formal sense, it was explained. His advisory role
would differ from that of Meyer Feldman, who
served Presidents Kennedy and Johnson, or Maxwell
Rabb, who worked for President Eisenhower. Mr.
Fisher would enjoy a wider latitude, free from the
disciplines of the official staff.
The White House cited the designation of Mr.
Fisher as a member of the official party that
represented the President at the funeral of Israel
Premier Levi Eshkol. This was taken to indicate
that he would enjoy both an official and private
capacity in his informal role as the President's
confidant on matters of Jewish interest.
Mr. Fisher meanwhile has aided Secretary
George Romney of the Department of Housing and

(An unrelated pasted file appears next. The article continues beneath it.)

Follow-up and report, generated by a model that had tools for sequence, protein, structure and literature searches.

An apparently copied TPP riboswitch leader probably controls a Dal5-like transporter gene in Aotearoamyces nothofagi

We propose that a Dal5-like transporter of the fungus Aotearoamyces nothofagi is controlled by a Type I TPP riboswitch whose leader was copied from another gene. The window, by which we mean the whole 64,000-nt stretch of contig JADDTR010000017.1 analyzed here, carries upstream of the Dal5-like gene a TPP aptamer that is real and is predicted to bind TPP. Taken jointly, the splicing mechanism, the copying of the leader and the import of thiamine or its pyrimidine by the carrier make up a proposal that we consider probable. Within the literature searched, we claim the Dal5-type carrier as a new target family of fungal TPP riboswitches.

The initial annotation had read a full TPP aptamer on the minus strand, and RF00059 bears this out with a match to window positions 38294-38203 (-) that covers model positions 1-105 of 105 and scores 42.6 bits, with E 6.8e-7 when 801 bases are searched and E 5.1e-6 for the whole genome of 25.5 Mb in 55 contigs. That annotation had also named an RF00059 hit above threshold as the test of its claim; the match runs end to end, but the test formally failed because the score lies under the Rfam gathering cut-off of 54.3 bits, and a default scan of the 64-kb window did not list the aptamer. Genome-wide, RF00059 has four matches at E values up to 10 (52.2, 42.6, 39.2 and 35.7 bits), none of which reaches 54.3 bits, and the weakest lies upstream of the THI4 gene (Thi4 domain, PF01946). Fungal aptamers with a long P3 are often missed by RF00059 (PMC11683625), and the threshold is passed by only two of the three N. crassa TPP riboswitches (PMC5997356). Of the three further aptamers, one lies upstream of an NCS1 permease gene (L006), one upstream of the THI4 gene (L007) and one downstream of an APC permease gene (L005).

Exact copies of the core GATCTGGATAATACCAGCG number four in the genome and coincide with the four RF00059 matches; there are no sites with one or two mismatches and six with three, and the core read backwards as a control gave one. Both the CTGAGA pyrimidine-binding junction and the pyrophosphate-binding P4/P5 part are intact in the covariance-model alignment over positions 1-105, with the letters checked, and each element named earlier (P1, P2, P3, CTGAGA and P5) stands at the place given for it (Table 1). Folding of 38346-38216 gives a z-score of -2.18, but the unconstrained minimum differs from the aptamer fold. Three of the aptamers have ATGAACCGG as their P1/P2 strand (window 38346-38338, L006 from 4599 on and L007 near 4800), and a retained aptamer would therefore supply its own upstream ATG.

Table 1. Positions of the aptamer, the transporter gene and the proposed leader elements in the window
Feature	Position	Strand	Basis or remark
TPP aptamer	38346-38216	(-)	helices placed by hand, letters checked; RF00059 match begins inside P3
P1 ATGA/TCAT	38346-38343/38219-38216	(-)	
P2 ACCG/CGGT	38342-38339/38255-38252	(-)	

Urban
Development on urban problems. The Jewish

leader was designated by Mr. Nixon during the
:campaign to advise on urban affairs. He also
headed the "Concerned Citizens for Nixon" and
Other political groups.
It was pointed out that President Nixon has
already consulted in detail with Mr. Fisher and
_Congressional leaders friendly to Israel as Ameri-
can policy on Israel is formulated. Further meet-
ings, to include various American Jewish leaders,
..ire anticipated in the near. future. .

Peace suffered a setback and all-but-a-full-scale war dampened the spirits of Israelis who have
been clamoring for accord with the Arabs as a result of the series of events resulting from a bomb ex-
plosion at the Hebrew University, the renewal of fighting along the Suez and the continuing threats from